Palace Museum director tells China’s stories on cultural heritage conservation

Palace Museum director tells China’s stories on cultural heritage conservation

The China Cultural Centre in Malta is pleased to announce an upcoming Cultural Talk by Wang Xudong, director of the Palace Museum titled ‘China’s Stories – Chinese Practices in Cultural Heritage Conservation’, scheduled for Tuesday, May 14 at 7pm in the Conference Hall of Fort St Elmo in Valletta.

Dr Wang, director of the Palace Museum and former director of the Dunhuang Academy, will illuminate the audience on the practices of cultural heritage preservation in China. With a focus on iconic sites such as the Palace Museum housed within the Forbidden City in Beijing and the Mogao Caves in Dunhuang, he will offer valuable insights into China’s rich cultural legacy.

Forbidden CityForbidden City

The Palace Museum of China stands as a beacon of cultural heritage, preserving centuries of history and art that resonate across borders. Established in 1925, the Palace Museum is one of the world’s most prestigious museums and a symbol of China for its crowning artistic and cultural achievements. A UNESCO World Heritage site since 1987, it is located in the magnificent imperial complex of the Ming (1368–1644) and Qing (1644–1911) dynasties known as the Forbidden City. It is the world’s largest and best-preserved timber-frame palatial complex. With more than 1.86 million holdings, the museum houses the largest museum collection in China.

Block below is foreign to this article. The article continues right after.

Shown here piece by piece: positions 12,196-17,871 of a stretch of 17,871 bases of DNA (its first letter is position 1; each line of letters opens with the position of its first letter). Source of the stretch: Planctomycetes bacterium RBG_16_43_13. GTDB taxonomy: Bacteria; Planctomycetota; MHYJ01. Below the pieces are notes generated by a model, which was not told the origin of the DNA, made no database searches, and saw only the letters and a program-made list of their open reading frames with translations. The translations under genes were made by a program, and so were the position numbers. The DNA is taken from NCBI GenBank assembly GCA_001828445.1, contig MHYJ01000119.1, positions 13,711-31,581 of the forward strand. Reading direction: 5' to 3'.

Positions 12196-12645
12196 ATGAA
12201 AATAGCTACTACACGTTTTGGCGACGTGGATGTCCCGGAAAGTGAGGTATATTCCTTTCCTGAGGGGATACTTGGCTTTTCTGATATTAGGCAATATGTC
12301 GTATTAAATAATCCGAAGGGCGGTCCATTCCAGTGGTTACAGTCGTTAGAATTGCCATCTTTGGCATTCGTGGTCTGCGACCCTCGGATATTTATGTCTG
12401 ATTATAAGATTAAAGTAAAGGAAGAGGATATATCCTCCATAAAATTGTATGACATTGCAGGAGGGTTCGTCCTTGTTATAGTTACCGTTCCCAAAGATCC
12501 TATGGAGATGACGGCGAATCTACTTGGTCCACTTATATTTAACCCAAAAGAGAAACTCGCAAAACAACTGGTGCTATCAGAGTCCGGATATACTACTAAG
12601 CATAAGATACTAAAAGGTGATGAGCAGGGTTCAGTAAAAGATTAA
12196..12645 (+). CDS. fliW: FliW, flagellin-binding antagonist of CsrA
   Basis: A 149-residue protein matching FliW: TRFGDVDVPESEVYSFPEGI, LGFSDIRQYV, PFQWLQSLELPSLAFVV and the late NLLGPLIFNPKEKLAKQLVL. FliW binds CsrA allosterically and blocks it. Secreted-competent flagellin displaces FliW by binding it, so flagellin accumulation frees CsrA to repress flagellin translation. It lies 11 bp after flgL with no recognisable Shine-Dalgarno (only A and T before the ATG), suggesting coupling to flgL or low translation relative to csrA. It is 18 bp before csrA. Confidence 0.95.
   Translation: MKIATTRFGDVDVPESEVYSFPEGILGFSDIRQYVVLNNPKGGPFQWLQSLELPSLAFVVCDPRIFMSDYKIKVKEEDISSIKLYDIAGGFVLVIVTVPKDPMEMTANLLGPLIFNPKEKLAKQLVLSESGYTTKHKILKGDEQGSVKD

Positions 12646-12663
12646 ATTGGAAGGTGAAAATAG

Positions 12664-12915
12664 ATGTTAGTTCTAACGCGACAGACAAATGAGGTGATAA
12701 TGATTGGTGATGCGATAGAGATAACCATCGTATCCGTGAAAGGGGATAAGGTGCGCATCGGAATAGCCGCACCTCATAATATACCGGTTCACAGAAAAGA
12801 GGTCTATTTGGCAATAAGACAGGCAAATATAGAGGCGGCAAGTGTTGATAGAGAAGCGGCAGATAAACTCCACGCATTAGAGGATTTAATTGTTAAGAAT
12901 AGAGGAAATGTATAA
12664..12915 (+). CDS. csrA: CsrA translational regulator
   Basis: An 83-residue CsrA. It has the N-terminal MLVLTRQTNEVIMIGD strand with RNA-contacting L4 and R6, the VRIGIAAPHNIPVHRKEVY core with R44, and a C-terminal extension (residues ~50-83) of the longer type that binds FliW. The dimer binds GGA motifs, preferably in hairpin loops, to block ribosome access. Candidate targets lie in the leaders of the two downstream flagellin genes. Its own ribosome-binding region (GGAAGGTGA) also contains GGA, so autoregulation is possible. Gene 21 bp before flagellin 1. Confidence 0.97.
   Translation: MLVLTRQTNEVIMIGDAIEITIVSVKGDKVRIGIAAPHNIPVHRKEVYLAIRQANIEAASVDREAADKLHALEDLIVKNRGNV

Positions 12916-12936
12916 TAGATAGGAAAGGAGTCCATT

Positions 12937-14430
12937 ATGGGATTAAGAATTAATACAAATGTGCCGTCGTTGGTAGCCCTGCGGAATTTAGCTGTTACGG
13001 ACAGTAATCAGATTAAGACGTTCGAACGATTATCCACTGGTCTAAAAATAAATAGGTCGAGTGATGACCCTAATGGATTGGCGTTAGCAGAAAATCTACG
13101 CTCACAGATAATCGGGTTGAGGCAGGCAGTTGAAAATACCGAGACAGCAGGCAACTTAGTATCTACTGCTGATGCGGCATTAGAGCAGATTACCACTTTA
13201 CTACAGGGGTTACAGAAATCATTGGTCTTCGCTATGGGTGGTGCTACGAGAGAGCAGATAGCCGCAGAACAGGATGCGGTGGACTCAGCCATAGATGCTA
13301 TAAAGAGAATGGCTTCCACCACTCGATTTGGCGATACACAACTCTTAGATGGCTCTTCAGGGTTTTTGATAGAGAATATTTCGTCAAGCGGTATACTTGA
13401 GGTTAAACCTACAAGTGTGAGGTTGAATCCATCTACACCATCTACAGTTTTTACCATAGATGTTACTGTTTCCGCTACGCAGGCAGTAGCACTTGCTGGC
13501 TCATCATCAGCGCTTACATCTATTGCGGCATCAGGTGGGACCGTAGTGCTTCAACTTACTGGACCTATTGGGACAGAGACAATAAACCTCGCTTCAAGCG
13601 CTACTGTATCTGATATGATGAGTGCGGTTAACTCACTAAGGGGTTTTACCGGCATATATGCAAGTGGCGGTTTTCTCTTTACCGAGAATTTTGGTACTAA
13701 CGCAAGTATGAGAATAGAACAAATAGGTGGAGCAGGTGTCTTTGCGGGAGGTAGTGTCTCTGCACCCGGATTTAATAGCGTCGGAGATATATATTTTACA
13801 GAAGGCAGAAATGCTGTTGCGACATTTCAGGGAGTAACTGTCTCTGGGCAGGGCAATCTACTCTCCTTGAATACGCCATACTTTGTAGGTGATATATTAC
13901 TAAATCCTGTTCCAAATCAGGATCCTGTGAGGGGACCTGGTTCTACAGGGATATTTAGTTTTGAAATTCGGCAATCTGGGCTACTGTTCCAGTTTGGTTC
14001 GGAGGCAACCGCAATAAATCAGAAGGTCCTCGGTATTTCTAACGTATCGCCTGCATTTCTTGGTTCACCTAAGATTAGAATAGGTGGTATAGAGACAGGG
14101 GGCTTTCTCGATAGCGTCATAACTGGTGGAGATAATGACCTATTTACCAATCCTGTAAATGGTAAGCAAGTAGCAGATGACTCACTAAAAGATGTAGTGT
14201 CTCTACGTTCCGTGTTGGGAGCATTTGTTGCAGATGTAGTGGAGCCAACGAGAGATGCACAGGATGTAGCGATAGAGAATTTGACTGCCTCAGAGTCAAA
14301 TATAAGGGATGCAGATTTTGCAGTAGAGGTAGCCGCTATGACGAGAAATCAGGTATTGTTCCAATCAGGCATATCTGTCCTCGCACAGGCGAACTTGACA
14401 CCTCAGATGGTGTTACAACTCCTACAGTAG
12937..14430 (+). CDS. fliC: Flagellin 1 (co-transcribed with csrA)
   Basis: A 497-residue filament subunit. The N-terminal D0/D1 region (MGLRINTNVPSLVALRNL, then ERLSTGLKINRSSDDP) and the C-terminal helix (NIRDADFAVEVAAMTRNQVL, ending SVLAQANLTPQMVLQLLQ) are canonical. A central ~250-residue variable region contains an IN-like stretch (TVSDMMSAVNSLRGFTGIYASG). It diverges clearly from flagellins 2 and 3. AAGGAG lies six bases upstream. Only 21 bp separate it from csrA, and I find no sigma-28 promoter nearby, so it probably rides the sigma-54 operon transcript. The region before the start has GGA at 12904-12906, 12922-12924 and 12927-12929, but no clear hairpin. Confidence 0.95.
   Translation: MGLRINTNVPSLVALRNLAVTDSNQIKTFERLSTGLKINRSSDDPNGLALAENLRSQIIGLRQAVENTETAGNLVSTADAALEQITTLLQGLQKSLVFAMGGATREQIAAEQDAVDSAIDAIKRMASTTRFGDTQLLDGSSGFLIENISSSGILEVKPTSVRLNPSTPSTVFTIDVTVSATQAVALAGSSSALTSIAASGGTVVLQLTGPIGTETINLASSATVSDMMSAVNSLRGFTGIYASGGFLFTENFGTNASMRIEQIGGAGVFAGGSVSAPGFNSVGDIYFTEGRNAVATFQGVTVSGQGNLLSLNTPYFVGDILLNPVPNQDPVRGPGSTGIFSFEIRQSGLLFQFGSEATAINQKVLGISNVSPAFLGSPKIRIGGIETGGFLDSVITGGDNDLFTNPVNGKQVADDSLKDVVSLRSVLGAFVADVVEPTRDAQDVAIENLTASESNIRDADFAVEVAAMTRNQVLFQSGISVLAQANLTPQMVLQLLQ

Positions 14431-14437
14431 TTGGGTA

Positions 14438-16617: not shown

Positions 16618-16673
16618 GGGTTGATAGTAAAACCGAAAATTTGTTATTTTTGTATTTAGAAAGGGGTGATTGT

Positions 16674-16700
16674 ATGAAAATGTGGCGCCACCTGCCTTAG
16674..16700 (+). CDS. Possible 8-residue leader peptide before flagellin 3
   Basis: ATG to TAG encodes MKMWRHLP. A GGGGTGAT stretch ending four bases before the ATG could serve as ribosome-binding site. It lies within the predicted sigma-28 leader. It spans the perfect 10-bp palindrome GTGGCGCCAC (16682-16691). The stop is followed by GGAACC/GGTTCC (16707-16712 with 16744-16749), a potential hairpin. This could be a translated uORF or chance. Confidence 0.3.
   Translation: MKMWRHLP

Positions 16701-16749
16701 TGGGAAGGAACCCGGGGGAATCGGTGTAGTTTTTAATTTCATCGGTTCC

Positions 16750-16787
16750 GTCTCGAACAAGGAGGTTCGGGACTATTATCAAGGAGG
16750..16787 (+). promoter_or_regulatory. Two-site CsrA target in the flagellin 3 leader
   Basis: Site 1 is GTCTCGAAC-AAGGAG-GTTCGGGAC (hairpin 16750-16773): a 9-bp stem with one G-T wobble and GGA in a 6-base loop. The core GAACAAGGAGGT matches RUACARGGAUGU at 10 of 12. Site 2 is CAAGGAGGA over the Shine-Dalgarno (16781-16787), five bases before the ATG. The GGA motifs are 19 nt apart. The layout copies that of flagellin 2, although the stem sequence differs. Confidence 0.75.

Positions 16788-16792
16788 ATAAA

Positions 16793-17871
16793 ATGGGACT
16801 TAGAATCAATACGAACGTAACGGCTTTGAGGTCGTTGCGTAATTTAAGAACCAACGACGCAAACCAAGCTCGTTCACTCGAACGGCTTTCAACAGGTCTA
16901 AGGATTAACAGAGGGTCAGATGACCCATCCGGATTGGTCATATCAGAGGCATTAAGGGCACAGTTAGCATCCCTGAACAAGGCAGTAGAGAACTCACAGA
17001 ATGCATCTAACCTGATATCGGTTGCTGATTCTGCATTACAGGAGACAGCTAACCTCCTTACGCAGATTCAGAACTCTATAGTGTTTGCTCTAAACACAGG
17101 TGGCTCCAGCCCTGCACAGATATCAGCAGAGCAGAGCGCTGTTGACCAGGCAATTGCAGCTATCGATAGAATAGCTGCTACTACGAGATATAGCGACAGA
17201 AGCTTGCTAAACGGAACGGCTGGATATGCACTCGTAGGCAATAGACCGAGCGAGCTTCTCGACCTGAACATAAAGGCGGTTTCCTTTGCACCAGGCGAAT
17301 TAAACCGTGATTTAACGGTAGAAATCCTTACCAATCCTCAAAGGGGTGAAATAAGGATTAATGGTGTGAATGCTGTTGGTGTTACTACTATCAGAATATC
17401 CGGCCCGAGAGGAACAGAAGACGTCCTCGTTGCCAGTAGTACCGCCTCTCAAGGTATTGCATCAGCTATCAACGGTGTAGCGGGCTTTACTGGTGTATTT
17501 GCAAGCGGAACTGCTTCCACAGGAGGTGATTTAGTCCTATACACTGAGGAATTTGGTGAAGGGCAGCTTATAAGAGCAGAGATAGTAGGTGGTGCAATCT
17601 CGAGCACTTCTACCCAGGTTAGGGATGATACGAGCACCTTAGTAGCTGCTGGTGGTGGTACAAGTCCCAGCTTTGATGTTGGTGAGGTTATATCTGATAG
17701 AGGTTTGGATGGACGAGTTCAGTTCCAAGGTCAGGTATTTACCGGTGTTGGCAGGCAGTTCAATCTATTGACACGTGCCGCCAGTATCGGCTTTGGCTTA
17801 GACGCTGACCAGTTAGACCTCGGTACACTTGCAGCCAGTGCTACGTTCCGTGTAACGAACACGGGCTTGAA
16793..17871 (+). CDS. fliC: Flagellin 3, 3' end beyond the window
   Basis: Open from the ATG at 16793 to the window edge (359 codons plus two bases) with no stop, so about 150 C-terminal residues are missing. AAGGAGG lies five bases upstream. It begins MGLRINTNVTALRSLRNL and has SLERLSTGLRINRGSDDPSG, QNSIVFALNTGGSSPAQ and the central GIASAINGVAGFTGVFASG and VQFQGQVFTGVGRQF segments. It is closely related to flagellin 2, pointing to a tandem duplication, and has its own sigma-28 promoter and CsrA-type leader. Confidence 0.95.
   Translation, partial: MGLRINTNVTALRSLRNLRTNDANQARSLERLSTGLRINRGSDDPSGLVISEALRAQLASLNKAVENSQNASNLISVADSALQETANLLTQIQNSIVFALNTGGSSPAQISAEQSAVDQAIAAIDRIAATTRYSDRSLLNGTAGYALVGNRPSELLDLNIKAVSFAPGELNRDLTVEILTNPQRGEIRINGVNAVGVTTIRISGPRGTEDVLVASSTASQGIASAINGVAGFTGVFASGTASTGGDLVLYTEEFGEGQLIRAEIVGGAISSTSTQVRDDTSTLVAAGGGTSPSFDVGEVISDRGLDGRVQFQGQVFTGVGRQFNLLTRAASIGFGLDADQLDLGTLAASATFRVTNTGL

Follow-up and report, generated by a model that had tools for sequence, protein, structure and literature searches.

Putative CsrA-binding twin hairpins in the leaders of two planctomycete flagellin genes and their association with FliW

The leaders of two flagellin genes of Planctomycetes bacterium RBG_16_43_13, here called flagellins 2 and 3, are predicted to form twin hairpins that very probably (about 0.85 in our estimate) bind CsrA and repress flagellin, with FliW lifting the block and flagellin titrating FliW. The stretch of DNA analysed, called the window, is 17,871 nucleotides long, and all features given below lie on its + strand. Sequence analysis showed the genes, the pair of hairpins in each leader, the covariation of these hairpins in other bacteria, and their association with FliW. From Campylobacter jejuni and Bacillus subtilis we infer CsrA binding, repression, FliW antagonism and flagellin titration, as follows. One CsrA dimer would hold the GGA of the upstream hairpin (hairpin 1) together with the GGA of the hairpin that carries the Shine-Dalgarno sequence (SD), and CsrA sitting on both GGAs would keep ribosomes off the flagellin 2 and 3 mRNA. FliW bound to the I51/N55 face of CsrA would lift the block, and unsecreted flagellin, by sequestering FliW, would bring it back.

The site of the Mogao Caves.The site of the Mogao Caves.

Positioned strategically on the western fringe of the Gobi Desert, near the ancient oasis town of Dunhuang in Gansu Province, the Mogao Caves form a stunning complex of approximately 500 caves carved into a cliff face, adorned with intricate Buddhist wall paintings and sculptures. These caves serve as a testament to Dunhuang’s role as a vibrant hub of religious, commercial, and cultural exchange from the 4th to the 14th century, along the renowned Silk Road connecting the East and West. As such, the Mogao Grottoes represent a pivotal point of interaction between Eastern and Western civilizations, earning their inscription on the World Heritage List by UNESCO in 1987.

Entrance to the Cultural Talk is free, but reservation is required due to limited space. E-mail [email protected] to secure your seat. The talk will be in English.

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